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Taliban Using Iraq Insurgency Tactics in Afghanistan

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Taliban Using Iraq Insurgency Tactics in Afghanistan

Middle East

Taliban Using Iraq Insurgency Tactics in Afghanistan

Taliban Using Iraq Insurgency Tactics in Afghanistan

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The Taliban-led insurgency in Afghanistan appears to have shifted tactics in recent months, adopting some of the methods already in use by the much deadlier insurgency in Iraq. In addition to resorting to suicide bombs, the Taliban has begun burning schools and targeting local government employees.

RENEE MONTAGNE, host:

The methods of Iraq's insurgency are now being adopted by the Taliban in Afghanistan, as NPR's Ivan Watson reports from Kabul.

IVAN WATSON reporting:

Lieutenant Colonel Golan Kohestani(ph) has been a soldier for 18 years, spending most of that time at war. But he had never before seen a suicide bomb attack in Afghanistan until last September in this parking lot outside the training center for the Afghan National Army in Kabul. That afternoon Kohestani and more than a hundred of his fellow officers were boarding buses when a man on a motorcycle pulled up and began revving his engine.

Lt. Colonel GOLUM KOHESTANI (Afghan National Army): (Through translator) He was standing two meters from me. I didn't see his face. But 30 seconds after that, I got on the bus and its wave through me ten meters away.

WATSON: The motorcycle and rider were packed with explosives. The blast killed nine officers and wounded 39 more, including Kohestani. The veteran is convinced the bomber had foreign training.

Lt. Colonel KOHESTANI: (Through translator) Yes, certainly they learned from a school, maybe in Neprok(ph) or maybe somewhere else, to perform these types of suicide attacks.

Mr. SAM ZARIFI (Human Rights Watch): We've seen this new, very unfortunate development of suicide bombing in Afghanistan, something that had almost never happened before. We have something like 30 cases just over the last year.

WATSON: Sam Zarifi heads the Kabul Office of the organization Human Rights Watch. He spoke from Washington, where he was invited to brief the State Department and the Pentagon last week.

Zarifi says he's seen more activity than ever this winter from the resurgent Taliban movement in Southern Afghanistan.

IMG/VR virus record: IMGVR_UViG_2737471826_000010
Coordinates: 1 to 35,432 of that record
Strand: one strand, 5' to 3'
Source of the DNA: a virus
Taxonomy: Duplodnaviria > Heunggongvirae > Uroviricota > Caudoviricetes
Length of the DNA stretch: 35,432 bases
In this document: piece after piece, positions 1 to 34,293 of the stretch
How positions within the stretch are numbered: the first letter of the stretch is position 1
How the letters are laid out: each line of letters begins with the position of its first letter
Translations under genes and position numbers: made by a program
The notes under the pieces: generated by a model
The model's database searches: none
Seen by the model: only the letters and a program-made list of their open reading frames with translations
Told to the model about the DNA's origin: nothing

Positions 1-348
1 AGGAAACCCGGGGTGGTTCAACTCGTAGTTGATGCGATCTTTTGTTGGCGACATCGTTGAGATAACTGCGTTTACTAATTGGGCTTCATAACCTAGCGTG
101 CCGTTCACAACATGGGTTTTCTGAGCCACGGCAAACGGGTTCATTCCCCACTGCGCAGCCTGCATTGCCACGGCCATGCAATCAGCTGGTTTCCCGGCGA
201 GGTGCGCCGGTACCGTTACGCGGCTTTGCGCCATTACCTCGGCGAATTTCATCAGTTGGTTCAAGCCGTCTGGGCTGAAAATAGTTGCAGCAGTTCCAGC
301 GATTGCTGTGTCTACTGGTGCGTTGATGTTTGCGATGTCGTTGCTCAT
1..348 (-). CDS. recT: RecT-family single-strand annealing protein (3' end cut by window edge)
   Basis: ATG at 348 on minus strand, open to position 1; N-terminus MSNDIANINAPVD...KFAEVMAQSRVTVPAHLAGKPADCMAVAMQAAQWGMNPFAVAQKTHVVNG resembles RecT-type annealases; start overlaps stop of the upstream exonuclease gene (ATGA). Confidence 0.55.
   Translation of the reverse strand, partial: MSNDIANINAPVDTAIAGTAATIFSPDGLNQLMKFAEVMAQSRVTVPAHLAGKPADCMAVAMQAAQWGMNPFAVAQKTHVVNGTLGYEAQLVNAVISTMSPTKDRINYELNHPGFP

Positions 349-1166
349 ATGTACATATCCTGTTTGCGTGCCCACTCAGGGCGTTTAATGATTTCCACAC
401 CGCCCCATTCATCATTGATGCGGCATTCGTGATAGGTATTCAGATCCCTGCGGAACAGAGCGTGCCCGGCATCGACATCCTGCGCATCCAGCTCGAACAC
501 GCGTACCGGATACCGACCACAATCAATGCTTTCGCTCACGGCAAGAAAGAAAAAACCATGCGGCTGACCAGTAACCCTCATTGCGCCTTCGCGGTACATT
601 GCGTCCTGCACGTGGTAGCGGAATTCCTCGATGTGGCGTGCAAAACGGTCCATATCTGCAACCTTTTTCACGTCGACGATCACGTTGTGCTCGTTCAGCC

Mr. ZARIFI: One of the most alarming things this year has been that in fact the attacks have been continuing and to some extent even increasing over the last couple of months.

WATSON: Colonel Jim Yontz, the spokesman for the United States military in Afghanistan, disagrees with observers who say the Taliban has gotten stronger this winter.

Colonel JIM YONTZ (U.S. Military Spokesman): We don't see that they're more capable or stronger than before. But they have shifted their tactics and it's now targeted against the Afghan people.

WATSON: In addition to resorting to suicide bombs, the Taliban has also begun to go after new, softer targets, burning dozens of schools and assassinating local government employees.

Again, Human Rights Watch's Sam Zarifi.

Mr. ZARIFI: It is clear that schools and other soft targets, government clerks, are being targeted as part of a strategy of forcing the government out of the smaller, rural districts.

WATSON: Not all of the violence is purely Taliban related. Powerful drug mafias periodically clash with Afghan troops and police, as do local tribal leaders who have grown frustrated by the lack of reconstruction and development in the provinces, four years after President Hamid Karzai took office.

Abdul Salam Rocketi says the Taliban has been taking advantage of growing frustration in the countryside.

Mr. ADBUL SALAM ROCKETI (Former Taliban Commander): (Through translator) If it keeps going like this, or if the government does not have success, then people will come away from the government and the support for the enemies of the government will become more.

WATSON: Named for his skill in past wars at firing rockets, Rocketi is a former Taliban commander who made peace with the Afghan government and was recently elected to Parliament. He has offered to lead negotiations with his former colleagues in the Taliban, but the barrel-chested commander has repeatedly been threatened, and last week two of his brothers died in a mysterious explosion.

Recently the U.S. military announced it would withdraw at least 2,500 American troops from Southern Afghanistan. They will be replaced by NATO Peacekeepers from Britain, Canada and the Netherlands.

While she is pleased with the expansion of NATO forces here, Joanna Nathan, of the International Crisis Group, thinks now is not the time to pull out American forces.

Ms. JOANNA NATHAN (International Crisis Group): Really, this has been already sold by insurgents as sort of some victory by them. Look, you know, we've managed to beat the mighty United States. So this is a real fear, if they withdraw, that this is seen as a propaganda victory.

WATSON: In a recent statement to the Reuters News Agency, a Taliban spokesman warned that his men would continue to use suicide bombings against their enemies. This, he added, is part of our military strategy.

Ivan Watson, NPR News, Kabul.

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